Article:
Architectural Beijing Biennale, 2006


I admire you and your work, and especially, I admire the fact that you took the risk of leaving Italy to study at UCLA. Was that pretty clear to you that Los Angeles was the place to be at the time in which you were looking at architecture and design as a career?

EM: Absolutely not. I was young. I left my country at 22. I was not seeing this as a life changing experience, meaning that I would stay in the United States forever; my mother would have never let me go if she would have known. What brought me to Los Angeles was a scholarship from the UCLA Engineering Department. When I came to the USA, I thought I would finish my degree in engineering. After my first week of classes at UCLA, I understood that I could not take undergraduate classes in engineering because I had taken them all when I was a student in Italy. I needed to petition to go directly into the graduate program. Looking at the roster of instructors, I immediately realized that architecture was offering a remarkable program. Sylvia Lavin became the chairwoman in 1996 and I started at UCLA in 1997, so I was part of her first year recruit. She had brought outstanding faculties to teach there, and from engineering I carved my way into architecture.

Leaving home behind is a challenge. I had this one-year scholarship, and I wanted to make the most out of it. In reality, the scholarship then was renewed and in 2020 I finished my master’s degree in architecture. I also finished my engineering degree. 1997 was my first time visiting the United States. The transition was not easy. This city was not a love at first sight phenomenon. But I liked the educational system. I realized how much more in terms of choices and exposure and hands-on experience I could get. In Italy, we have an education system that is free, but we also have a ratio between a faculty and student that the 1 to 600. You see the instructor in a big hall, and you have trouble even seeing what he or she is writing on the blackboard. I always studied in excellent institutions, from high school to university, but when I came to the United States, I realized how important it was to have a more intimate learning setting. Especially in architecture, I met instructors who were willing to share their experience with me. My first professor at UCLA for portfolio was Thom Mayne. Having a Pritzker Prize winner look through my portfolio and give me advice and personalized assignments is something that is not that easy to come by in Italy.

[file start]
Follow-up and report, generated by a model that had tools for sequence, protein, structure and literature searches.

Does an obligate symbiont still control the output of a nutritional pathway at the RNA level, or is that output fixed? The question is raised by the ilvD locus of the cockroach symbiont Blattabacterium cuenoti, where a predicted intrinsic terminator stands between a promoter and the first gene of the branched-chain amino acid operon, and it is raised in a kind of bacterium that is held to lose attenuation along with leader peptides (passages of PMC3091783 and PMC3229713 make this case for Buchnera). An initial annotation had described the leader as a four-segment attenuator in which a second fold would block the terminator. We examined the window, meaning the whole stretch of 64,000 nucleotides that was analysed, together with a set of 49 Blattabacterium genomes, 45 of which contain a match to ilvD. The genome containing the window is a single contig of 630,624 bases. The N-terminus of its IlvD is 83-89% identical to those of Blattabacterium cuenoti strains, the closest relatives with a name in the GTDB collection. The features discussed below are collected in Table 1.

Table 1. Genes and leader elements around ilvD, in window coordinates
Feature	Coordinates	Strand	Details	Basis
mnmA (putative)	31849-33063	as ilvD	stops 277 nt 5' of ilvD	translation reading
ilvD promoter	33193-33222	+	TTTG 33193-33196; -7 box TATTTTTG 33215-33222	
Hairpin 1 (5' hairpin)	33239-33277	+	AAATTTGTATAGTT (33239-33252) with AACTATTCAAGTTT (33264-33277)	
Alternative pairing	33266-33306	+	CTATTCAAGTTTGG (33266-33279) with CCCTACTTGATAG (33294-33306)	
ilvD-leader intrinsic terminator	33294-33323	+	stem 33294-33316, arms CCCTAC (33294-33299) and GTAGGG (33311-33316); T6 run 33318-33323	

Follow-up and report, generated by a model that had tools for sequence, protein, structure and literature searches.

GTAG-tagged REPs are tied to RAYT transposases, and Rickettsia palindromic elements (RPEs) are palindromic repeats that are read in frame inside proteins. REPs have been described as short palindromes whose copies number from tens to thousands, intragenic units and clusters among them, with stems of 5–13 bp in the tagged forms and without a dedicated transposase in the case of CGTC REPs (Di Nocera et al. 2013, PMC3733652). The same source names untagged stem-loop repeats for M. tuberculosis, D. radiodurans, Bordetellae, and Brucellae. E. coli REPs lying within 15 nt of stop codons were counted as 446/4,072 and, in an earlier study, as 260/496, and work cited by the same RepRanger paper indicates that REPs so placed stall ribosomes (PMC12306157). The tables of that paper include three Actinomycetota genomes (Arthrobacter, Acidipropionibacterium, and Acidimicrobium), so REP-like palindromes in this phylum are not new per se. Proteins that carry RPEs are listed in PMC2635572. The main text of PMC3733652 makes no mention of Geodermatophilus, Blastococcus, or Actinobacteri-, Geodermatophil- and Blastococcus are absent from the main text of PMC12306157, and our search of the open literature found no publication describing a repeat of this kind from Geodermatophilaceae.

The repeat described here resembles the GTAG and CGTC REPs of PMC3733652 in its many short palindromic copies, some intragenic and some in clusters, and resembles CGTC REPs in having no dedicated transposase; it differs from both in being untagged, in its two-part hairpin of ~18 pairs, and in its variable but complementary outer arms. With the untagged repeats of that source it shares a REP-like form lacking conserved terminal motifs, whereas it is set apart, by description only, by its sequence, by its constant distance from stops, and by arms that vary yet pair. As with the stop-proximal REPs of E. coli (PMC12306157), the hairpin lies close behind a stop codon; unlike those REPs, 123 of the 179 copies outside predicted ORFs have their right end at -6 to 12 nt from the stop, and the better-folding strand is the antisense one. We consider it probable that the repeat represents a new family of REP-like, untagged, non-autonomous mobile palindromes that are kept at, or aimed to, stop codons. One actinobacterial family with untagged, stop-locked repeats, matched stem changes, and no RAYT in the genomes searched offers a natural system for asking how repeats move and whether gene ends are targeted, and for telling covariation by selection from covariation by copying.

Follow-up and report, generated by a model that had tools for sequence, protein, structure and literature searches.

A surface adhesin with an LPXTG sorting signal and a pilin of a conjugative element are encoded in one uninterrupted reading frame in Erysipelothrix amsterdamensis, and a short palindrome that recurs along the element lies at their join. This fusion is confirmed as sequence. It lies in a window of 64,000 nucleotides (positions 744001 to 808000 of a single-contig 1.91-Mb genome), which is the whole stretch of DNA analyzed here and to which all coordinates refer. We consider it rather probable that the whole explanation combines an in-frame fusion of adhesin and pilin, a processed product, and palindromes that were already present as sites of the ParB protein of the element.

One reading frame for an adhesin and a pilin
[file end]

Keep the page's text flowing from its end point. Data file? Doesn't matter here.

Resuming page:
Tempera Pavilion for A New Sculpturalism show at MOCA, Los Angeles, 2013

I think it also might have to do with timing as well. In 1997, that was around the first digital turn in architecture. I think of the paperless studios that were happening at Columbia, and I think there were other kinds of characters like Frank Gehry and Greg Lynn, who were working on how to use the computer in architecture. What was happening at UCLA when you were studying there?

I think you’re right. I was extremely lucky in terms of timing. As I said, Sylvia became the chairwoman in 1996 and Greg Lynn came to UCLA in 1997. He brought with him a clear and groundbreaking vision in terms of what digital tools could do. Frank Gehry and Randy Jefferson, who was working for Frank Gehry at that time, were coming to reviews. You could see that those digital and fabrication tools were at work, both theoretically and practically. And UCLA was at the center of that conjunction and was promoting interesting synergies between practice and theory. Los Angeles offers both academia and practice. The city is a fertile place for practitioners, and it also has a series of universities and institutes that foster speculative design. And so having those at the same time together deeply enriched my education. 


Unroll Drawing, part of LACMA’s permanent collection.